Me Against the World by Shiraishi Kazufumi

Me Against the World 
by Shiraishi Kazufumi
Dalkey Archive Press (2016)
ISBN-13: 978-1943150021

Review by Poppy Cosyns 

This novel by Naoki Prize winning author Shiraishi Kazufumi begins intriguingly, with a ‘Publisher’s Foreword’ written by a fictional journalist. It explains that the ensuing work was discovered after the sudden death of his friend Mr K, who had been secretly compiling these ‘private musings’ while working as a businessman.

What follows is less a work of fiction than a hundred or so pages of nihilistic ranting, in which Mr K attempts – with an off-putting ferocity – to unravel the meaning of life (or lack thereof).  In one of the more memorable passages, he goes as far as to liken human beings to cancer cells, noting that ‘Humans too lead meaningless lives, having no reason to be born.’

Each and every one of us is something like a cancer cell. While cancer cells can metastasize anywhere and are able to adapt and grow in any environment, there really isn’t a single thing that can be considered significant in their existence or in their nature to carry out unlimited proliferation.

Shiraishi reveals in a recent interview with The Japan Times that the novel was written as a stream of consciousness and took him just a week to write. On reading, this comes as little surprise. The text is separated into two parts, but is otherwise without chapters, and the ideas presented flow chaotically into one another, often with little sense of follow-through. False analogies and non-sequiturs dominate the discourse.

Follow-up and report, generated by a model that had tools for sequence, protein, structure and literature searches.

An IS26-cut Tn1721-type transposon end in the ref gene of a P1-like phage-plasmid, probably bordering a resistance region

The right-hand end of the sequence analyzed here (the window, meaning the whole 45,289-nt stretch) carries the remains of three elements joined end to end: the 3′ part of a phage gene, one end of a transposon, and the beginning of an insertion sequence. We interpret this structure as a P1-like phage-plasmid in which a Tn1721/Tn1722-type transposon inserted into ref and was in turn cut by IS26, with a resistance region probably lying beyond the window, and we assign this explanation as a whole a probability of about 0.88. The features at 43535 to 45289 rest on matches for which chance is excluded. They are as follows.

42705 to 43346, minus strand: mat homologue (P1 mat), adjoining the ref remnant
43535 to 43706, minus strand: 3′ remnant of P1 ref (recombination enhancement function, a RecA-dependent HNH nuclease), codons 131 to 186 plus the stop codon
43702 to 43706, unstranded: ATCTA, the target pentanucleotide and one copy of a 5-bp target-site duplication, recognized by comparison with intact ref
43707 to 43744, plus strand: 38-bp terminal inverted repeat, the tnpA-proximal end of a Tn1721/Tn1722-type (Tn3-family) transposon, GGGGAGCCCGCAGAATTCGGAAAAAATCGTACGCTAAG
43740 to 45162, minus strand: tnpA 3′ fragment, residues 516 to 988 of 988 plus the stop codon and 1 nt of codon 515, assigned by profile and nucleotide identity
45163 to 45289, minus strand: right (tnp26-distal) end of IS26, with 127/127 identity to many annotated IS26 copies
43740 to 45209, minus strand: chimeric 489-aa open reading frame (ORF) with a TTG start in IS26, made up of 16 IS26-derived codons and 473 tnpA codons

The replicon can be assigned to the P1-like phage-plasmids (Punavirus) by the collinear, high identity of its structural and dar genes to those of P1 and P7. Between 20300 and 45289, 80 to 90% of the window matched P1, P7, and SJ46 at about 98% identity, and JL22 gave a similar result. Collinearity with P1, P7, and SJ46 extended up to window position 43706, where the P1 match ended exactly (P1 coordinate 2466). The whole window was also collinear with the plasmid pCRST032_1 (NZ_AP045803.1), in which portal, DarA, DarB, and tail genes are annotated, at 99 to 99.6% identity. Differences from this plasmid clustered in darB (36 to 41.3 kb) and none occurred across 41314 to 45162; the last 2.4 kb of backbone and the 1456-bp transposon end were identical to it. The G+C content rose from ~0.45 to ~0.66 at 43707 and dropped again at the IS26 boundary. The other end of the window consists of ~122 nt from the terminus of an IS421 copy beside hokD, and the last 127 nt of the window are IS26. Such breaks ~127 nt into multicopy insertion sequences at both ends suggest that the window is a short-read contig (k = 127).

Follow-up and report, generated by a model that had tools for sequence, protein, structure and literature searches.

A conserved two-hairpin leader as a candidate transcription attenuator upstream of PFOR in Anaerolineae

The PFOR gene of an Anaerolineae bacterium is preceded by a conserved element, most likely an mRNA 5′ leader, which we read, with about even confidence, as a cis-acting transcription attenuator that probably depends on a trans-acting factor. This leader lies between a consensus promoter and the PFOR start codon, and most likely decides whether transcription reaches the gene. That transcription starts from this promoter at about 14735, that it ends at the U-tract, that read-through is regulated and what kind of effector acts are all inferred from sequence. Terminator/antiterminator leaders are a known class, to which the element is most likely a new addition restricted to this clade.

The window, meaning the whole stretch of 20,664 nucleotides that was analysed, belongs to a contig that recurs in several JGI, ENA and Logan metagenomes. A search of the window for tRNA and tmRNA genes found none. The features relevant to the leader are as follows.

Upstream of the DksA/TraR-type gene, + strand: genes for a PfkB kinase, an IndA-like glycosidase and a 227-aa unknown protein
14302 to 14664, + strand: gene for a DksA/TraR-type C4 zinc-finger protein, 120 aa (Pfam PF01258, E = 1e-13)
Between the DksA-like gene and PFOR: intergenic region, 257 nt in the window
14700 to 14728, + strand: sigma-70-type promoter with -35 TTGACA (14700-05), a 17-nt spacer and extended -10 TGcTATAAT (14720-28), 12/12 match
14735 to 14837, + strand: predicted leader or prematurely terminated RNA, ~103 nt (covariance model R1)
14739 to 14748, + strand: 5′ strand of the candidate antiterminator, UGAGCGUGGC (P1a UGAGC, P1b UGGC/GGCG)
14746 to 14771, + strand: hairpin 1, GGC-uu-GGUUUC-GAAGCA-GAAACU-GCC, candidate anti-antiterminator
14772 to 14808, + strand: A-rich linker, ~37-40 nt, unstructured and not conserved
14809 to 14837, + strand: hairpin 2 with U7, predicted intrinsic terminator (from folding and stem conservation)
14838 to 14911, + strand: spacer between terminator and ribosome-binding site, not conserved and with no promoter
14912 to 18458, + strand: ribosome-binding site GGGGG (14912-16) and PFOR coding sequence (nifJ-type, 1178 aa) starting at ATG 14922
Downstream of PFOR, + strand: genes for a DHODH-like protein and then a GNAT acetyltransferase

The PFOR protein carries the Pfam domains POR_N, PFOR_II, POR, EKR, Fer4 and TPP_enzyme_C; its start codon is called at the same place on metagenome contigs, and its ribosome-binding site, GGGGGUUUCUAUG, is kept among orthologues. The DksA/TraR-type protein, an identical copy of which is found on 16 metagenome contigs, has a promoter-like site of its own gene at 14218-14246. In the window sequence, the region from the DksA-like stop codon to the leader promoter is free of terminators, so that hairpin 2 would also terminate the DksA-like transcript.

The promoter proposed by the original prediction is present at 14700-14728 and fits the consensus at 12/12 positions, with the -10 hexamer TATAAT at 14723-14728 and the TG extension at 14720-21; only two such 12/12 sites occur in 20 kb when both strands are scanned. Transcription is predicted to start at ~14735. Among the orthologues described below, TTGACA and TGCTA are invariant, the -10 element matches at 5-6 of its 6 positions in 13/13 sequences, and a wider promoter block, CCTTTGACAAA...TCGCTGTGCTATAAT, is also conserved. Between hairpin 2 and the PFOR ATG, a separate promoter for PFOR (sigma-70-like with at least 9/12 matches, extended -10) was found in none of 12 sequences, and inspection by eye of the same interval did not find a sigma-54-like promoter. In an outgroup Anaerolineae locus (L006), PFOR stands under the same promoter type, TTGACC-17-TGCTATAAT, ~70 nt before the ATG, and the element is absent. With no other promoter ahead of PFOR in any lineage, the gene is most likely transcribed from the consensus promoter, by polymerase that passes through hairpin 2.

For the most part, this is a confounding and faintly distressing novel, which sees Mr K systematically rejecting those scraps of hope or meaning we all cling to when trying to make sense of our existence.

There is light at the end of this very dark tunnel however, with our narrator eventually arriving at a surprisingly optimistic conclusion. He declares that compassion is the one way to elevate the human condition above the ‘diabolical programme that has been built into this world.’ By this point the tone has softened and Raj Mahtani’s translation is at its most lucid and readable, although how Mr K arrived at his optimistic denouement is difficult to discern.

While this is undoubtedly something of an arduous read, Me Against The World demands – in impressively unflinching style – that one consider and interrogate those most elemental of concepts: love; morality; science; religion, and for that reason alone it’s worth the slog.

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